Multicultural marketing is a strategy that recognizes and celebrates the diversity of cultures within a society, and tailors marketing efforts to effectively reach and engage with specific communities.
In the United States, the evolution of multicultural marketing has been a necessary response to the changing demographics of the country. Historically, the American market catered to generic white American audiences (predominantly Christian and/or of Anglo-Saxon background), and marketing campaigns were created with a one-size-fits-all approach.
However, with social change and an increasingly diverse U.S. population, there’s been a shift in marketing strategies toward targeting specific communities with diverse lived experiences, intersectional experiences, and marginalized backgrounds. This has become increasingly important for companies looking to effectively reach and engage with these communities, and it has paved the way for more inclusive marketing practices that celebrate the rich diversity of the American population.
Why it’s important for marketers to have a multicultural focus in their campaigns
According to research by Iterable, “75% [of consumers] agreed that they’re more likely to purchase from a brand when people who look like them are represented in their ads.” But the typical American-normative character or story in commercials and advertising campaigns doesn’t resonate with all Americans. That’s why intersectionality and the representation of relatable lived experiences are needed, so that consumers can feel seen, heard, and understood in marketing content. You want people to say, “I believe in this brand because it represents my story, my lived experience and my identity in a respectful way.”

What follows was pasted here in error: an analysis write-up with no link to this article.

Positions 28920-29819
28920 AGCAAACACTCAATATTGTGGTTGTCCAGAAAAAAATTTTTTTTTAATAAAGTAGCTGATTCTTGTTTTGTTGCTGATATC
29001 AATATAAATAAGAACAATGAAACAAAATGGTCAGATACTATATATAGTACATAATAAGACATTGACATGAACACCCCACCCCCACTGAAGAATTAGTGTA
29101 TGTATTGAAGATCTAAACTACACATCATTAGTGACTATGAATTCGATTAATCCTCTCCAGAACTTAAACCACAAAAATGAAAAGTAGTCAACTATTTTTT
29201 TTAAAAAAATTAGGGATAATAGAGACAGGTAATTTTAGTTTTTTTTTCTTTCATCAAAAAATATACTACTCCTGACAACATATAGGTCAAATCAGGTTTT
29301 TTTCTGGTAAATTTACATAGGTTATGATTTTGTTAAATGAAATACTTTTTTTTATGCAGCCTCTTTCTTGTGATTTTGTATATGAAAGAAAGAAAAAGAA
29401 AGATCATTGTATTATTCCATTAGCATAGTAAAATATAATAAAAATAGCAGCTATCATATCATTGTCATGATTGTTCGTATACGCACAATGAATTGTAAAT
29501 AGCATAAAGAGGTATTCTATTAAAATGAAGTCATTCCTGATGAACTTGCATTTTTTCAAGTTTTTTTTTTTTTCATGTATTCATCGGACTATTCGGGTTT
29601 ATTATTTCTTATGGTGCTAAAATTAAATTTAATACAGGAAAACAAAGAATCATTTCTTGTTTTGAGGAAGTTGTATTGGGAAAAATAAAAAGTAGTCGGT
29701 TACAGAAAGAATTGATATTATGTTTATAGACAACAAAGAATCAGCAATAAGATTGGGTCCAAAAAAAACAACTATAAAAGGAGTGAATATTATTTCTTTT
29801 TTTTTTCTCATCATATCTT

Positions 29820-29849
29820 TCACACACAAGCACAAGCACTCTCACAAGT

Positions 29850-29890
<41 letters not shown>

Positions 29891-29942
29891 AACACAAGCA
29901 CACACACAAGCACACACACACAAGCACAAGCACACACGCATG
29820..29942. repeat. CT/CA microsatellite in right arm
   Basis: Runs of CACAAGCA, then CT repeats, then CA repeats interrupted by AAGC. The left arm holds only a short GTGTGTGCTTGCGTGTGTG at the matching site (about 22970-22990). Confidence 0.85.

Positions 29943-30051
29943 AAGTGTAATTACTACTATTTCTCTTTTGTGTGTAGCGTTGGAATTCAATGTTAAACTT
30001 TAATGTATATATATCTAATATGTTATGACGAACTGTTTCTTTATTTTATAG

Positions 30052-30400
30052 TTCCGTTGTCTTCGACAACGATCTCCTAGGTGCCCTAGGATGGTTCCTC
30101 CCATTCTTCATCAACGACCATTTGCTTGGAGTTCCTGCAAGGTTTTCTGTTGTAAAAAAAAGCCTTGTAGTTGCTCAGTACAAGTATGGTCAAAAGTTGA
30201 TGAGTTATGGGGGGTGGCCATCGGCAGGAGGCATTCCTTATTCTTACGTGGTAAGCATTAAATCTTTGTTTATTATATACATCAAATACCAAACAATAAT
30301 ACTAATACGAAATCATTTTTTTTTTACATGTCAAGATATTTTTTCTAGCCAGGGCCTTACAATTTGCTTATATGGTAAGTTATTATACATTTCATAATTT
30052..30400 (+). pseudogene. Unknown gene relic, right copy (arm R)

A globalist’s view on multiculturalism
I’m an immigrant in the United States who speaks five languages and comes from an Arab background with Caribbean influences. I’ve worked in major cities in Saudi Arabia, Dubai, and Lebanon on advertising campaigns that catered to the Middle East, North African, and European markets. My views on multicultural marketing are slightly different from many marketers who were born and raised in the U.S. and have worked on multicultural marketing campaigns.
Because of my background, I emphasize the importance of foreign lived experiences and understand that there’s a major influence of diverse communities from global backgrounds in the U.S., especially in metropolitan cities like New York, Los Angeles, D.C., and Chicago.
For example, targeting the Black Community (singular) is not enough. Marketers should understand that there are many lived experiences within multiple Black communities.
Take into consideration:
- Black Americans raised in the southeast as opposed to those who were raised in the northeast
- Africans who recently migrated from their home countries, speak different languages and see their experiences through the lens of the diaspora
- West Indian Black people who live in the U.S.
The same goes for LatinX individuals who were raised in America versus those who recently migrated, and the difference of culture and language you’ll find between people from the Dominican Republic and Puerto Rico, or Cuba and Colombia—all of this on top of distinct family and heritage traditions.
As marketers, doing research and immersing yourself in multiple communities is vital to understanding the different consumer insights within these communities.
Examples of multicultural marketing: successful and insightful community campaigns
P&G: “The Talk”
Target market: This PSA is intended for the mass market but particularly for non-Black individuals who may be unaware of the discrimination and dangers Black American kids face in their daily lives. Secondarily, the campaign targets Black families, to encourage them to talk with their children about biases they may face in their lives.
Impact: In this campaign, P&G are not selling their products, nor do they need to. Instead, they are using their platform as a big consumer brand and educating their mass audience about a specific cultural insight from a community that needs to be heard, understood and advocated for.
The company is also demonstrating solidarity with and investment in Black families. They acknowledged that using their worldwide and popular platform to amplify these narratives would be a thoughtful and purposeful step to serve Black communities.